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I want to say "I just came from the museum by foot" is "Je viens du musée à pied" correct? I know that "je viens de" translates to "I just came from" but I am unsure if it changes when you have a location and you're explaining how you came "by foot"

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"Je viens de" translates "I come from" so "I just came from" would be better translated by "j'arrive juste de", "je viens juste d'arriver/de revenir de", or "je reviens juste de" and similar expressions.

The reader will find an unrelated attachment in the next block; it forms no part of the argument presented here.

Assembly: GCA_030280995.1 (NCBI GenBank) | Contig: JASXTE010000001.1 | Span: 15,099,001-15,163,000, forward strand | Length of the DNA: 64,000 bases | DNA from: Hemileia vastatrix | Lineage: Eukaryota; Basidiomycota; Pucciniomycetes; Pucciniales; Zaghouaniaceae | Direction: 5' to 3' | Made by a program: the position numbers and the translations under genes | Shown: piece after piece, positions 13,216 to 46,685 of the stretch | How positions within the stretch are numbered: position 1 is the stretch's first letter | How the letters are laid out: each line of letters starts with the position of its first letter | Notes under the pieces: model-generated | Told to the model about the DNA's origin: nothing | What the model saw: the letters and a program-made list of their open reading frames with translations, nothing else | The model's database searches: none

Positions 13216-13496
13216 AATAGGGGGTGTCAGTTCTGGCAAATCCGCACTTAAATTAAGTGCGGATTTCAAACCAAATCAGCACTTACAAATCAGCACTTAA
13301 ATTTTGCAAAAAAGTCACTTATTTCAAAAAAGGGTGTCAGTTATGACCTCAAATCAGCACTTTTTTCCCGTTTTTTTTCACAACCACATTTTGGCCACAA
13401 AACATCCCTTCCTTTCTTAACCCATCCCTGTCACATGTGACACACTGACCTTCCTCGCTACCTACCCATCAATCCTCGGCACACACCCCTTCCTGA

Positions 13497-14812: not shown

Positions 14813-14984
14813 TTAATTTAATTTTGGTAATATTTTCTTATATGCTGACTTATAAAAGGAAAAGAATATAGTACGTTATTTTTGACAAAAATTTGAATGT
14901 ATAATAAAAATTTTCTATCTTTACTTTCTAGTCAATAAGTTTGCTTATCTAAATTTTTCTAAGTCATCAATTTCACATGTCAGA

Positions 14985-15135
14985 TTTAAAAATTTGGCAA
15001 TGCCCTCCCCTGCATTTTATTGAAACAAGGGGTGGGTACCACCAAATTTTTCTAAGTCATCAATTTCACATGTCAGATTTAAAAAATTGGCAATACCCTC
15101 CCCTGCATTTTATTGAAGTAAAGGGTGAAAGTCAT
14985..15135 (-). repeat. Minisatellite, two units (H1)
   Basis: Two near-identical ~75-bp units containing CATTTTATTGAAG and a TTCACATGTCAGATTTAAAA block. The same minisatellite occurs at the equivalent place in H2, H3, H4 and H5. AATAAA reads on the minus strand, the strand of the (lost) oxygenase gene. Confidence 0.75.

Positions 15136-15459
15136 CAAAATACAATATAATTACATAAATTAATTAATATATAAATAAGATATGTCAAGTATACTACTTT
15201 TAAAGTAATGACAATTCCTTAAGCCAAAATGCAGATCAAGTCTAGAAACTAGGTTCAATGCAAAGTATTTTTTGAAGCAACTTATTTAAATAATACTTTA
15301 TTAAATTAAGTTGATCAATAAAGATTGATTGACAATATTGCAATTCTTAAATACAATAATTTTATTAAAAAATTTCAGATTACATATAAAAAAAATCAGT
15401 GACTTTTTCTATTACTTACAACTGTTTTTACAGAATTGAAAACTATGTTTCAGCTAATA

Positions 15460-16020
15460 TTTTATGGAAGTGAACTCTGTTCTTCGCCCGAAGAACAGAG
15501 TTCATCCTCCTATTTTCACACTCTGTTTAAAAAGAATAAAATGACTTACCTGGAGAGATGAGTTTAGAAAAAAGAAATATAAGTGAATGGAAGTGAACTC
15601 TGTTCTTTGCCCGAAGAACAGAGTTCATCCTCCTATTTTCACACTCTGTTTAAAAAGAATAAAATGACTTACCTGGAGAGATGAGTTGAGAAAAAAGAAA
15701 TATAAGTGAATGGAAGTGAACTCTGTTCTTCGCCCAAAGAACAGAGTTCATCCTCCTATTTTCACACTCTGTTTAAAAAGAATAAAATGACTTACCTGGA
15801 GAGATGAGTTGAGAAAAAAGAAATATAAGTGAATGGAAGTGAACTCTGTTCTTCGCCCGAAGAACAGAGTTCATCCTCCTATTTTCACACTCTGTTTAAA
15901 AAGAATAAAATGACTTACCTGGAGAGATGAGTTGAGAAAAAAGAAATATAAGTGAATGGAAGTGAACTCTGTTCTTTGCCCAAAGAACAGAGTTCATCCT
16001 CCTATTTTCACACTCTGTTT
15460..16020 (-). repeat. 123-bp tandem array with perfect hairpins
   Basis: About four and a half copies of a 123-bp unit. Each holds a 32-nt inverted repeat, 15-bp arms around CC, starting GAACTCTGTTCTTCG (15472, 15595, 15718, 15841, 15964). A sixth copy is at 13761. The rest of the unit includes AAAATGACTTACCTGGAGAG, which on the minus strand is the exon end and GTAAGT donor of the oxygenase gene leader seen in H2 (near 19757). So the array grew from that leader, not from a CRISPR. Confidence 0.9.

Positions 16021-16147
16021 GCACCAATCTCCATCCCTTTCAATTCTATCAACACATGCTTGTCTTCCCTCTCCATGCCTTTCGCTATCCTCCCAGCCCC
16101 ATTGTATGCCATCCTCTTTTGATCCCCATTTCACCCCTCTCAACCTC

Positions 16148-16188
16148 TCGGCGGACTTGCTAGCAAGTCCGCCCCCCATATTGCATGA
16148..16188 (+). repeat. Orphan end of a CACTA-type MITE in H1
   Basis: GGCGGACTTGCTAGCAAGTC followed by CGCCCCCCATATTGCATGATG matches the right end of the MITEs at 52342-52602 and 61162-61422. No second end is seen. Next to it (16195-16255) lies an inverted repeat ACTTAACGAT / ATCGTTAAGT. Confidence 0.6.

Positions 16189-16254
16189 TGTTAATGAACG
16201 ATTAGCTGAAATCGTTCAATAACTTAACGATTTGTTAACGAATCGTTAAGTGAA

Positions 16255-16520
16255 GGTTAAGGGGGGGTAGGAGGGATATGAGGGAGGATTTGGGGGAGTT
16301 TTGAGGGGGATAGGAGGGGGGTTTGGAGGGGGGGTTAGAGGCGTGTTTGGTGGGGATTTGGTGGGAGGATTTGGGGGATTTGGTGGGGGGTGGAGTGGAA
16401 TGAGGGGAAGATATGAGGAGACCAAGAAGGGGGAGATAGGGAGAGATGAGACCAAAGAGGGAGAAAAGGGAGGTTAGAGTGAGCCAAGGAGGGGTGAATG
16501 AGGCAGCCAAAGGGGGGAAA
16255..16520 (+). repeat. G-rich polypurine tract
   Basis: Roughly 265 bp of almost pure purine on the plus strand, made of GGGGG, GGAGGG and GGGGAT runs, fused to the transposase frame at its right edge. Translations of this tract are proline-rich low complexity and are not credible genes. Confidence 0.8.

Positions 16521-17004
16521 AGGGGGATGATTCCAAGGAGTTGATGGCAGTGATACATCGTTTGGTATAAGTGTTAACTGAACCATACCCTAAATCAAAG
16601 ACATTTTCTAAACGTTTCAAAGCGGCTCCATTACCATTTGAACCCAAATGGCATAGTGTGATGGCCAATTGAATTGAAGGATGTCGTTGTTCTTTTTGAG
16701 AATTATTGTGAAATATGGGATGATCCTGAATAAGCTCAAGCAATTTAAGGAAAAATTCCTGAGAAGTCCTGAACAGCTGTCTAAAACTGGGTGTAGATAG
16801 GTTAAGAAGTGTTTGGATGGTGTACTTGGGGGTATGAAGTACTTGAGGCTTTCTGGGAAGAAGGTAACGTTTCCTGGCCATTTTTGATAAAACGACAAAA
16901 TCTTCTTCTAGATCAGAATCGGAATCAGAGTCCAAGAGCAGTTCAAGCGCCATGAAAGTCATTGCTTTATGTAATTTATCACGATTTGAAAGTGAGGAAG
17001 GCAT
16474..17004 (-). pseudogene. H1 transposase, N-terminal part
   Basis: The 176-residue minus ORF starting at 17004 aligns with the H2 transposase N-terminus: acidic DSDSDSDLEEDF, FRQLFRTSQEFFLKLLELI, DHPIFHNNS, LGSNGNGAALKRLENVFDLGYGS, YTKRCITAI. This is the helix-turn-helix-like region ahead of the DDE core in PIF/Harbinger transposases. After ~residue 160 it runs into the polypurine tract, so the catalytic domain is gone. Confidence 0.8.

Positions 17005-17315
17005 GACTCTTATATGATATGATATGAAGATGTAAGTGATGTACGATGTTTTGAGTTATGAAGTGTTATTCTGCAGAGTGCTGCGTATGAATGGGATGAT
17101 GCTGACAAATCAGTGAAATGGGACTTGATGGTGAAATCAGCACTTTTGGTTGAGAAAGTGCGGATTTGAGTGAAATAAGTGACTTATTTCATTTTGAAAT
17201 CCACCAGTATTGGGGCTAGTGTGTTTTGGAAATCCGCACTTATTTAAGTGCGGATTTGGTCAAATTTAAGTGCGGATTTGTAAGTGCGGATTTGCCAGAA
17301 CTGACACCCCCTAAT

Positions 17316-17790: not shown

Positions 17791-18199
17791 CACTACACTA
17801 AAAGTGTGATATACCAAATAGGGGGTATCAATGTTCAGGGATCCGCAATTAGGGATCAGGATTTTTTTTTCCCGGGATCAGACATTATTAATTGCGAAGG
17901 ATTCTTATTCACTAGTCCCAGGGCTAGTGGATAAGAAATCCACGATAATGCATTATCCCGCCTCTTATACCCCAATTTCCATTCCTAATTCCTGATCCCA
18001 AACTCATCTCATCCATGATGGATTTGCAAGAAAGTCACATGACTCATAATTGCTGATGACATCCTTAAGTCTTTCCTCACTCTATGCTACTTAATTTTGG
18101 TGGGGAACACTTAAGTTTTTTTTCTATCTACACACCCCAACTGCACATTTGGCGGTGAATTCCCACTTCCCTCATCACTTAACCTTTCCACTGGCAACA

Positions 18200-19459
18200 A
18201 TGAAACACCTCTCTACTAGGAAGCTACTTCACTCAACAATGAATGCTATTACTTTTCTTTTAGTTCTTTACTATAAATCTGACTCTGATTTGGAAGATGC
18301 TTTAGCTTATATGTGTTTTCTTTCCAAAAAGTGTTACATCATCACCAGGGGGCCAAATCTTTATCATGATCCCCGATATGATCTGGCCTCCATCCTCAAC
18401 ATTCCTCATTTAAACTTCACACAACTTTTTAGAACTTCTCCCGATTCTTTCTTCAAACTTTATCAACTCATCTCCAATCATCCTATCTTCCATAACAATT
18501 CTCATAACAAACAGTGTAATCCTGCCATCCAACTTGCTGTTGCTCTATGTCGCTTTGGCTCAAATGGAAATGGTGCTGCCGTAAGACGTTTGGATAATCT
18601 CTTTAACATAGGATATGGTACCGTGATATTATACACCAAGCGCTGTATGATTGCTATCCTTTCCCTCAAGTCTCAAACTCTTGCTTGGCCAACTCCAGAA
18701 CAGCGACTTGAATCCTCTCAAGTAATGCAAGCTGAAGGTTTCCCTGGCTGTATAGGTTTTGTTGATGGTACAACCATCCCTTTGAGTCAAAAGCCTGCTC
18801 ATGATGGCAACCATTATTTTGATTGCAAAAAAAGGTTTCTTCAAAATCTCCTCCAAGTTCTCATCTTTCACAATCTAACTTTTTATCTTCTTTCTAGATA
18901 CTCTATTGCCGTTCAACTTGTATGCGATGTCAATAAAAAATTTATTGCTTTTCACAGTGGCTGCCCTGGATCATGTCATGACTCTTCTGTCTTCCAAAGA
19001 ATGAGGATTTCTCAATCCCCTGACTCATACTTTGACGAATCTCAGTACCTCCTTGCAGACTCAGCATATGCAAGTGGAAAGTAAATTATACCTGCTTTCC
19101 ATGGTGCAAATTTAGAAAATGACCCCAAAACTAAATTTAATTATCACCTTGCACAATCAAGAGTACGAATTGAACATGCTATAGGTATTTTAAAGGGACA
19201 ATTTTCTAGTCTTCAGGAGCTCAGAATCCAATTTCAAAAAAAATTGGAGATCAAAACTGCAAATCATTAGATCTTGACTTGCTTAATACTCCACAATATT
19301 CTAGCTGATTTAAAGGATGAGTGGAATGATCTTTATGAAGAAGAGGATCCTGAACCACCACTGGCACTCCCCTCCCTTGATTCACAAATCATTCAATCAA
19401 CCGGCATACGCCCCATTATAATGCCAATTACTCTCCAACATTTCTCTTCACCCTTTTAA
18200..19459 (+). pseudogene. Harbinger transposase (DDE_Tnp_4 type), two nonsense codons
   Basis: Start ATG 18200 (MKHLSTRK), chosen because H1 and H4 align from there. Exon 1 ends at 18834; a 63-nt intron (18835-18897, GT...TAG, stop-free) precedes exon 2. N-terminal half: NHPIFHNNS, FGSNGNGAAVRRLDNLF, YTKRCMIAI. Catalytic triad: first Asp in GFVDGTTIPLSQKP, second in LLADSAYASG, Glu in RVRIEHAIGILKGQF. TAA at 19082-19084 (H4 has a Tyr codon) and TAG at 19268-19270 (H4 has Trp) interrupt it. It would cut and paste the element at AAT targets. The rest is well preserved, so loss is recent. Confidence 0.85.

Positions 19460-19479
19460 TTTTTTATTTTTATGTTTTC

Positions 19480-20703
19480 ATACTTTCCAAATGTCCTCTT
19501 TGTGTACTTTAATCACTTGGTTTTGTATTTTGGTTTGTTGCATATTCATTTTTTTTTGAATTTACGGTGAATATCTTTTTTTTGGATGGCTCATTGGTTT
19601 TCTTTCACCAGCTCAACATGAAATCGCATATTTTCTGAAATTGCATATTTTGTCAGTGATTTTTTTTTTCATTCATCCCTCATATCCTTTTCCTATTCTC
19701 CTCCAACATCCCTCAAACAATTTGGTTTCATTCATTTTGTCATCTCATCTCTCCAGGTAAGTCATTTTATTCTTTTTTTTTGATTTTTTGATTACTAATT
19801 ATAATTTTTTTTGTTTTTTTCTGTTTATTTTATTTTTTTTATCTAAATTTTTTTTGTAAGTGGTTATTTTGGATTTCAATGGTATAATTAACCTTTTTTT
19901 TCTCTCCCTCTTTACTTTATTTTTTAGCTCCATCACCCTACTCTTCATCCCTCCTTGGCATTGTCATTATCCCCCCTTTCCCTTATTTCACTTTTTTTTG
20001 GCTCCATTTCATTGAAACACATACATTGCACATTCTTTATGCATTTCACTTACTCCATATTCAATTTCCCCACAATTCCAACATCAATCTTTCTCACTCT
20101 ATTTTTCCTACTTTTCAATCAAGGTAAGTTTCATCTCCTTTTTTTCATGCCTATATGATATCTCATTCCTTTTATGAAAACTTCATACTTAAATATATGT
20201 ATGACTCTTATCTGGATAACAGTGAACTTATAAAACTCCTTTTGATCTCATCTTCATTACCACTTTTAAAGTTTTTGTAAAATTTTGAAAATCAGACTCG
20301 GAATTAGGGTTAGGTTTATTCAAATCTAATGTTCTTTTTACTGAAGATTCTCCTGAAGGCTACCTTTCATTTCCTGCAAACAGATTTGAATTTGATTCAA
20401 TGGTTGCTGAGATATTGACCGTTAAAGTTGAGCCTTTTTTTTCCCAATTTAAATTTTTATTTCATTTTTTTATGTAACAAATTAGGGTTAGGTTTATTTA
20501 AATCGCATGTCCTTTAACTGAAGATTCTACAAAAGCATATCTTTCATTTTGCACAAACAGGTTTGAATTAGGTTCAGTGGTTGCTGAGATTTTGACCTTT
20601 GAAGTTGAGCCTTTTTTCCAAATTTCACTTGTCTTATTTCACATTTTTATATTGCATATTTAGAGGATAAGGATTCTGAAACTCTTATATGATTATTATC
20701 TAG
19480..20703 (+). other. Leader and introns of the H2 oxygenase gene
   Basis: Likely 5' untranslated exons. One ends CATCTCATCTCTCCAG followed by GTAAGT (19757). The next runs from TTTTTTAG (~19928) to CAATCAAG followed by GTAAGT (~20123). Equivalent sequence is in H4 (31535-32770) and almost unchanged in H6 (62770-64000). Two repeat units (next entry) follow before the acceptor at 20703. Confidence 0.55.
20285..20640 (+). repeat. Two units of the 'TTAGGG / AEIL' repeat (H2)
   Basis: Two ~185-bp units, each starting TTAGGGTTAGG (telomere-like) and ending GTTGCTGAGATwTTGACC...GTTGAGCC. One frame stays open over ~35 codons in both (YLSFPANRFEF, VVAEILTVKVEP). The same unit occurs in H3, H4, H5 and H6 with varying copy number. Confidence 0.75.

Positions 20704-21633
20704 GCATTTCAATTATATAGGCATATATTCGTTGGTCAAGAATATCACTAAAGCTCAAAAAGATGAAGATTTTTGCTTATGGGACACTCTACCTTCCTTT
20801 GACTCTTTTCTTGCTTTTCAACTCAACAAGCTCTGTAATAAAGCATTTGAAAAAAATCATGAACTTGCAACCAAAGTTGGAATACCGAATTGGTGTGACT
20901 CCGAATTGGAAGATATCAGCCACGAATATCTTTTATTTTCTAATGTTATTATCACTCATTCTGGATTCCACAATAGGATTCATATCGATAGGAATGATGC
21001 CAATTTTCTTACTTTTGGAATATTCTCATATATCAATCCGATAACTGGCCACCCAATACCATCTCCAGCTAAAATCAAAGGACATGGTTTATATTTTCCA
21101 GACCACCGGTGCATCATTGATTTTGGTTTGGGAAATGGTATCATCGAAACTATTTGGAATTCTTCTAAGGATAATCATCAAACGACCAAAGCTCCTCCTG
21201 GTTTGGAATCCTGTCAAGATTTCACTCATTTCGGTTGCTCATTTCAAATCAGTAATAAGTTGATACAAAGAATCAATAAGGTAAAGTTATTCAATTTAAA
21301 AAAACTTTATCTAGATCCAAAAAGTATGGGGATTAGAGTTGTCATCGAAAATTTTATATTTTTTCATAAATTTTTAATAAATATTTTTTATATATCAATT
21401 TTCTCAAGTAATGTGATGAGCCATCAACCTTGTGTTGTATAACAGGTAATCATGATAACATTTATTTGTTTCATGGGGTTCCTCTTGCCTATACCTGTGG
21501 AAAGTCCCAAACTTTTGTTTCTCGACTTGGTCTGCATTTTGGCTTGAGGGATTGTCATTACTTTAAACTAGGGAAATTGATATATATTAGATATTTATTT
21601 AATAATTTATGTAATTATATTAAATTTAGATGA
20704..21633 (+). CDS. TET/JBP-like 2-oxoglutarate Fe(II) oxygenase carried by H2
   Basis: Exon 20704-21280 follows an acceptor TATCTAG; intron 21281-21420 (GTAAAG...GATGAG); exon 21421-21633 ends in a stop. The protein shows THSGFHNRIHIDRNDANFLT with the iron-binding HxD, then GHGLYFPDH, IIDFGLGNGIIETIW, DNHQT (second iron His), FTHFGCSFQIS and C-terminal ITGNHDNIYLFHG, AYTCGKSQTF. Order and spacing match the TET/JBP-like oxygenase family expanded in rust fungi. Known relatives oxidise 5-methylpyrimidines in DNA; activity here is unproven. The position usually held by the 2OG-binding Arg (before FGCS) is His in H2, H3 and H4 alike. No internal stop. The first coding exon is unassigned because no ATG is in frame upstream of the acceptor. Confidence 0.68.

They are valid whatever the method used (by feet, car or whatever).

So, here is a possible idiomatic translation (which assumes you came back from the museum to your current location):

Je viens juste de revenir du musée à pied.

  • Doesn't "je viens de revenir" already mean that I have just come back? Is the "juste" optional? – Alan Evangelista Jul 18 at 18:21
  • They overlap but differ in their validity time span. Je viens de revenir can be said for a longer time than je viens juste de revenir, and on the opposite for a shorter time than je suis revenu. I used juste because like the English just (or at least that's the way I perceive it, juste suggests than only a very short period of time has elapsed. – jlliagre Jul 19 at 0:50

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